Last Word: Finding merit in cycles
By Marzena Czarnecka
If you have an Albertan in your life – and I sure hope you’re lucky enough to have at least one of us lighting up your otherwise dreary existence – you’ve probably been tempted, at least once, to make a list of the things we say that you never, ever want to hear again. And I’d wager a fine Alberta unaltered bull that in a neck-in-neck tie for the No. 1 spot are our two favourite assertions about the market here: “It’s a meritocracy” and “It’s a cyclical thing.”
Am I right? Knew it. I hear you — I’m, frankly, as tired of saying “meritocracy” and “cyclical” as you are of hearing them. What is it that we are saying to the rest of the country when we call Alberta – and Calgary in particular – a meritocracy? Not particularly flattering, whatever it is. (“Our market’s a meritocracy. Your market, on the other hand …”)
Of course, it’s true: our market is a meritocracy, and your market … don’t get me started. But just ’cause it’s true doesn’t mean it’s kind. We shouldn’t be rubbing your noses in it. Starting today, I hereby resolve to never tell a Torontonian or Haligonian that Calgary is a meritocracy. ’Cause I may not be nice, but I don’t need to be that mean.
But the abuse of the word “meritocracy” is probably the lesser of our two clichéd sins. We generally only use it in the context of “What I really like about Calgary is that it’s a meritocracy,” whereas we tend to use “It’s a cyclical thing” as an answer to pretty much every question. “How’s business?” “What will the impact of the election be?” “Will the anti-oilsands campaign have an effect on international investment?” “What do you think about the Chinese resource plays?” “Did the feds get it right when they shut down the royalty trusts?” “What are you going to do when you retire?” “What time is it? … ”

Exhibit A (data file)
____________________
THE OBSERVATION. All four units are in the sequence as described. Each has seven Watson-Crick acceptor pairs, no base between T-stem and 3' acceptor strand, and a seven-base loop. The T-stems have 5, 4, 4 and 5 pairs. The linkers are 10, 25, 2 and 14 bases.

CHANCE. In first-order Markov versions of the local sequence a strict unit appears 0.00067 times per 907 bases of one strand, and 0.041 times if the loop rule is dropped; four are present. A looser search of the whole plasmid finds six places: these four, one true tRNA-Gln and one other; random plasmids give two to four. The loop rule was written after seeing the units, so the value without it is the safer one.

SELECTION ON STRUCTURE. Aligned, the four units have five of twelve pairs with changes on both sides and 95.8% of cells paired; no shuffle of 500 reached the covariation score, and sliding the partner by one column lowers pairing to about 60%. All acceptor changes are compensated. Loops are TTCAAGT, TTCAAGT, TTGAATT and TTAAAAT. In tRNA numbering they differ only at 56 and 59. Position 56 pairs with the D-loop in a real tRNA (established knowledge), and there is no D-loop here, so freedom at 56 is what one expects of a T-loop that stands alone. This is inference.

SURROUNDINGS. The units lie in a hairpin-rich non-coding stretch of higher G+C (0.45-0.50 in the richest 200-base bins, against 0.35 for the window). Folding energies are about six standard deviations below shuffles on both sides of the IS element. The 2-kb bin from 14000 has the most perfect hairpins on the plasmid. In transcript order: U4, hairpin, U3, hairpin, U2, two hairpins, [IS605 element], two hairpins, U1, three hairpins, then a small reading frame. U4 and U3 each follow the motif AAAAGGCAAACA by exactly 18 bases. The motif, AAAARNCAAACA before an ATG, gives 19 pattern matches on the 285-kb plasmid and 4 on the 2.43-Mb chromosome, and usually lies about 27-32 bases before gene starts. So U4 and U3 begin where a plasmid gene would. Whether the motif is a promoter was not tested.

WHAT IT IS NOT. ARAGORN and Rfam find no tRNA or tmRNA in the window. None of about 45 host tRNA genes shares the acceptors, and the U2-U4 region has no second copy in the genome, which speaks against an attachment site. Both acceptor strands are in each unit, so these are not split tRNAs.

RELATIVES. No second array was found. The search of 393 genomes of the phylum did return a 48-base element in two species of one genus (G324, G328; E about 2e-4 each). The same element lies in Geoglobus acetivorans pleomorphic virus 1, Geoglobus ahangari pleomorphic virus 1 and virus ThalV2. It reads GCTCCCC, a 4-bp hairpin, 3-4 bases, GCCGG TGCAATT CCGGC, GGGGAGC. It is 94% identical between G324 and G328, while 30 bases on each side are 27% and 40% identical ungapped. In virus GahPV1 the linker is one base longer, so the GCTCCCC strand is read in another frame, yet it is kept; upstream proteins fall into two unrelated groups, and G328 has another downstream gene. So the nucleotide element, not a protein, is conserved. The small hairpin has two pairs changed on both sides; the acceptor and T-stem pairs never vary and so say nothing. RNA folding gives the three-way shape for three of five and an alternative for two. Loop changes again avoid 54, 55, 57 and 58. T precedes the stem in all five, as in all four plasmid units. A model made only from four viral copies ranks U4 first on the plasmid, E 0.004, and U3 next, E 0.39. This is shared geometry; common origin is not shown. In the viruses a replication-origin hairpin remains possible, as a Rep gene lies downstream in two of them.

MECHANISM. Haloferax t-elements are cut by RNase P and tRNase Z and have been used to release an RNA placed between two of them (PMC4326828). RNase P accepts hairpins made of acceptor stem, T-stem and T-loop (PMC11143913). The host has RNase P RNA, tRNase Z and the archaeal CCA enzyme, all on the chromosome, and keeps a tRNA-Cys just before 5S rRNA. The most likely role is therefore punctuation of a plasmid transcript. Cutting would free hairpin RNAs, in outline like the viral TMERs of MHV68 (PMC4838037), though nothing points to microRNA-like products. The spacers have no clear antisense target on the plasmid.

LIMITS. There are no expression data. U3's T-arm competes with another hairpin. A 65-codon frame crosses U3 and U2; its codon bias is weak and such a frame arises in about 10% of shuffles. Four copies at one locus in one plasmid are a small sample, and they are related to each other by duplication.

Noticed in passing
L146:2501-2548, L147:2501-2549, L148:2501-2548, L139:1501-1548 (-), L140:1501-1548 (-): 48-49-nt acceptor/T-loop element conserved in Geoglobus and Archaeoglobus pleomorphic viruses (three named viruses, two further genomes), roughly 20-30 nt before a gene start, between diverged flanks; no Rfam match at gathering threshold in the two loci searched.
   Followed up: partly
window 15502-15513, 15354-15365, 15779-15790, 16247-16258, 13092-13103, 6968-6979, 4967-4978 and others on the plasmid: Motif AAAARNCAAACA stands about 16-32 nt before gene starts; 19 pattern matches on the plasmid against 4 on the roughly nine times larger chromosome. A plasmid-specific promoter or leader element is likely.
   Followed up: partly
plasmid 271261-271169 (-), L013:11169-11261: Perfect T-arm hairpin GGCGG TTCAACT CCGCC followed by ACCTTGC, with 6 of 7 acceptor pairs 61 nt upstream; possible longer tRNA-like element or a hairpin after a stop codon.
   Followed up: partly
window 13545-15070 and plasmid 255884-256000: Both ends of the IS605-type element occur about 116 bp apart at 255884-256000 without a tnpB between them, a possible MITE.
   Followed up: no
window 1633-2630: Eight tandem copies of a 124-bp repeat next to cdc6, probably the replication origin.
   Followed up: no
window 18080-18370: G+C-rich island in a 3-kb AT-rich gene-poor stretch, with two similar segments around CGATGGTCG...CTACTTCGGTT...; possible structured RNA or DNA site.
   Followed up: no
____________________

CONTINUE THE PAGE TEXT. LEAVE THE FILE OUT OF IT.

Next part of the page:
It’s not just frustrating, it’s bloody annoying. There you are, in search of real insight, and you ask for it, humbly and eagerly, and what do you get? “Well, you know, it’s a cyclical thing.” And I don’t blame you for wondering whether our parroted claims of a meritocracy actually mean that the intellectually shallow and inarticulate have a better chance of ascending to the top than in unmeritocratic Ottawa or Montréal.
But it’s not that we’re intellectually shallow or inarticulate. We genuinely believe we are imparting critical information. “It’s a cyclical thing” is everything to us. It’s our central tenet, our Om and our Amen. Repeating it, believing it and holding on to it with all four hooves is how we hold on to our sanity when oil drops to $9 a barrel … and stays there.
“It’s a cyclical thing” explains our entire unpredictable, volatile universe. We’ll put up with most other things. You can abuse our lack of political savvy and tar us over the tar sands. You can prove to us, in black and white, with a dozen examples of oil patch dynasties and third-generation judges and litigators, that our idea of meritocracy is phooey. But the “cyclical thing” — don’t touch it. That’s all we have. It’s everything we are.
I’m not saying it’s entirely a good thing. But if you understand “It’s a cyclical thing,” you’ll understand, simultaneously, why this market is so wonderful — and why this province so dangerous.
When “it’s a cyclical thing” is the main filter through which you perceive your economic reality, you see the world in a constant state of flux. In some ways, that’s our greatest strength: when things are bad, Albertans are perpetual optimists. (As one prominent Calgary lawyer once told me, “We turn chicken shit into chicken soup.”)
It’s also our Achilles heel, because when things are really bad … we tend not to do anything to fix them, trusting instead that “it’s a cyclical thing” will do its thing and turn things around before they go from worse to worst. And when things get a hair’s breadth away from as bad as worst can be — hey, in our minds, it’s a clear indication they’re about to get better.
Enough to drive you crazy, eh? I’m not sure how you put up with us. Could it be because we really are the nation’s leading meritocratic market and therefore unconditionally deserving of your adulation and respect? No, of course not. It’s because, well, it’s a cyclical thing — and when our cycle peaks, we make you filthy, filthy rich. And so you put up with our inanities and reality-denying behaviour during the valleys. Lucky us.
Marzena Czarnecka lives in and loves Calgary, but suspects that living in a cyclical meritocracy (or do I mean meritocratic cycle?) does odd things to people’s neural synapses. Or it could be all the carbon emissions in the air.